Publicly he’s been playing it cool, but Gingrich is now letting it be known (apparently at least, from the mouth of his Georgian friend Randy Evans to the ear of an Atlanta Journal-Constitution reporter) that “If a majority of the RNC thought he was needed, he would accept that appointment.”  It remains to be seen who will be thrown into which briar patch, especially since it all has to be done in stage whisper thanks to the official “smooth transition” party line coming out of the White House.

Update – Jan 5, 2009:  It has developed that Gingrich is not, in fact, one of the (currently) six men running for head of the RNC.  As reported in the Jan. 3, 2008 edition of the Washington Post, that distinction goes to:

While the “draft Gingrich” effort obviously went nowhere, he remains an active voice in the power struggle.

In the cold winter of 1998, when he retired under a damning cloud from both the Speakership and the House, some went so far as to predict Gingrich was politically finished.  But after his obligatory quiet and contrite period, Gingrich has been rehabilitated within Republican inner circles and, while not a member of the RNC itself, has been playing an increasingly prominent role within what I fondly refer to as the Junta — the kinda guys that meet Cheney after work for scotch, or periodically visit him at an undisclosed location for a round of ping pong.  Ultimately, whether this is all just parlor gossip and footsie or not, the fact that Newt Gingrich is being discussed in that kind of light at all is noteworthy, both in terms of the arc of the Gingrich Sagaâ„¢ (will he be another Nixon?) and not least as a read on the latest Kremlin-ology.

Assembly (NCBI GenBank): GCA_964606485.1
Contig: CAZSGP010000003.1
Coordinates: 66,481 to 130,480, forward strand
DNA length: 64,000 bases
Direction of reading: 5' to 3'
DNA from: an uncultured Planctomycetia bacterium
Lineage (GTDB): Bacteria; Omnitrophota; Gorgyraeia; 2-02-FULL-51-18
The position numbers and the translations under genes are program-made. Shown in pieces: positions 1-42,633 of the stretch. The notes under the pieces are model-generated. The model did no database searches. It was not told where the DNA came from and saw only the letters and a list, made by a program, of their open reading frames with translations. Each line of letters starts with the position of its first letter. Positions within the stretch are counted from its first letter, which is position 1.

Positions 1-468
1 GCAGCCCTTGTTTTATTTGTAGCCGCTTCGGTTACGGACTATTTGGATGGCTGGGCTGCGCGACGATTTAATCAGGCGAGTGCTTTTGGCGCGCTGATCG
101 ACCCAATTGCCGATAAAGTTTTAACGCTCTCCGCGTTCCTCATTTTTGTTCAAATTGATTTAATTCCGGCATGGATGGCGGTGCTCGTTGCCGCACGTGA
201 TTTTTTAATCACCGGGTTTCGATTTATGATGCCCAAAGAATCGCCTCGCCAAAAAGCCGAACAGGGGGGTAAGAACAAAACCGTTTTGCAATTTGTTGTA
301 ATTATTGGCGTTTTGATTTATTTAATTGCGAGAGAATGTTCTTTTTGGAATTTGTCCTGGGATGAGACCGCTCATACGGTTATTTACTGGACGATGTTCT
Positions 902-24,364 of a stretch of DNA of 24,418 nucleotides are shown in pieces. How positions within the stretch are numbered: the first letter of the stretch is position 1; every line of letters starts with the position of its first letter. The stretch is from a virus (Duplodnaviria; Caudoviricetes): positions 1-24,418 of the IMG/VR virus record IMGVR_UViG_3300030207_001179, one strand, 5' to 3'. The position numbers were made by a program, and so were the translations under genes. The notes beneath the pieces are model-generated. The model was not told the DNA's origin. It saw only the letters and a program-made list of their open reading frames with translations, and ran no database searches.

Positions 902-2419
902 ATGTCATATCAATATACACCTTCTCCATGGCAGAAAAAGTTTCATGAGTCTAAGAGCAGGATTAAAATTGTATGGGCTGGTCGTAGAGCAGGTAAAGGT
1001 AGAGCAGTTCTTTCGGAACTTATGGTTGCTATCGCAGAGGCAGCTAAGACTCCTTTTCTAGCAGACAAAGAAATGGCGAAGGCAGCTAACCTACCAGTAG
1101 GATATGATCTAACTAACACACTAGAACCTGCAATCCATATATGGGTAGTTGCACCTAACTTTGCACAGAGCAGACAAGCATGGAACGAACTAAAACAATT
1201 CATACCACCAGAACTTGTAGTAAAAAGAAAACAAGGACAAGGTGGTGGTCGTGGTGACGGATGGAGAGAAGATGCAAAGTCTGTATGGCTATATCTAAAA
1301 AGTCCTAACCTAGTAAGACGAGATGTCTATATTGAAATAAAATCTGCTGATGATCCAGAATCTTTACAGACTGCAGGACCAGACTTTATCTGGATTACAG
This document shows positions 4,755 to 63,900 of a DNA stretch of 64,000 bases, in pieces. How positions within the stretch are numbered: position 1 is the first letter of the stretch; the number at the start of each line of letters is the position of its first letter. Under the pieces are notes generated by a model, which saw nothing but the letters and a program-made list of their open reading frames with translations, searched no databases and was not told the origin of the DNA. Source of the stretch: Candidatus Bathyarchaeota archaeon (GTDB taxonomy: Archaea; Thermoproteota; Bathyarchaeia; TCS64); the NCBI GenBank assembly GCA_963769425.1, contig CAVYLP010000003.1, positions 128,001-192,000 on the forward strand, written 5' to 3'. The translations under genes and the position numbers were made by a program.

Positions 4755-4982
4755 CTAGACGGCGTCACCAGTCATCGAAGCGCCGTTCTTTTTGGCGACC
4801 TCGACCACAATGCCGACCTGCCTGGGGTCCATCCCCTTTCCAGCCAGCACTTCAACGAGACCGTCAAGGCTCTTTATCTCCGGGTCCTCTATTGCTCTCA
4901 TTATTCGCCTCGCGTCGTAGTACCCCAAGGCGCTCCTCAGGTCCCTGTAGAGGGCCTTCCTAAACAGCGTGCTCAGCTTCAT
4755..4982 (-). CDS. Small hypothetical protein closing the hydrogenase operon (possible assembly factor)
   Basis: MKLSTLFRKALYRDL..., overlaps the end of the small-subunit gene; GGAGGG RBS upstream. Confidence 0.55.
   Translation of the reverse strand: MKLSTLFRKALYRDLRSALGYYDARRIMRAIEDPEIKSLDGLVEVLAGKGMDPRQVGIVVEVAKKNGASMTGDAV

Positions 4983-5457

Where has he been?  Well you may ask.  After he resigned from Congress, Gingrich landed in 1999 at the conservative Hoover Institution at Stanford University, rubbing elbows with the likes of National Security Advisor-to-be Condoleezza Rice. In 2000, during the lead-up to the first Bush campaign, Gingrich became a fellow of the American Enterprise Institute (AEI), the right-wing think tank of choice for the Bush administration.  He even started appearing as a pundit on conservative TV, and during the latest election got to where he could even show his face openly in the mainstream media again.  Most recently, the day after the presidential election, he published an op-ed piece entitled “Repeal Sarbanes-Oxley”, arguing that the post-Enron accounting reforms should be wiped away because they haven’t “been enough” to stop the collapse of the housing and credit bubbles simultaneously, despite a complete lack of enforcement by the Bush administration.  This, from a guy who probably went hot tubbing in the Caribbean with the dudes from Enron.

Aw yeah, the good times are back. Keep an eye over your right shoulder, folks.  It’s gonna get weird out there.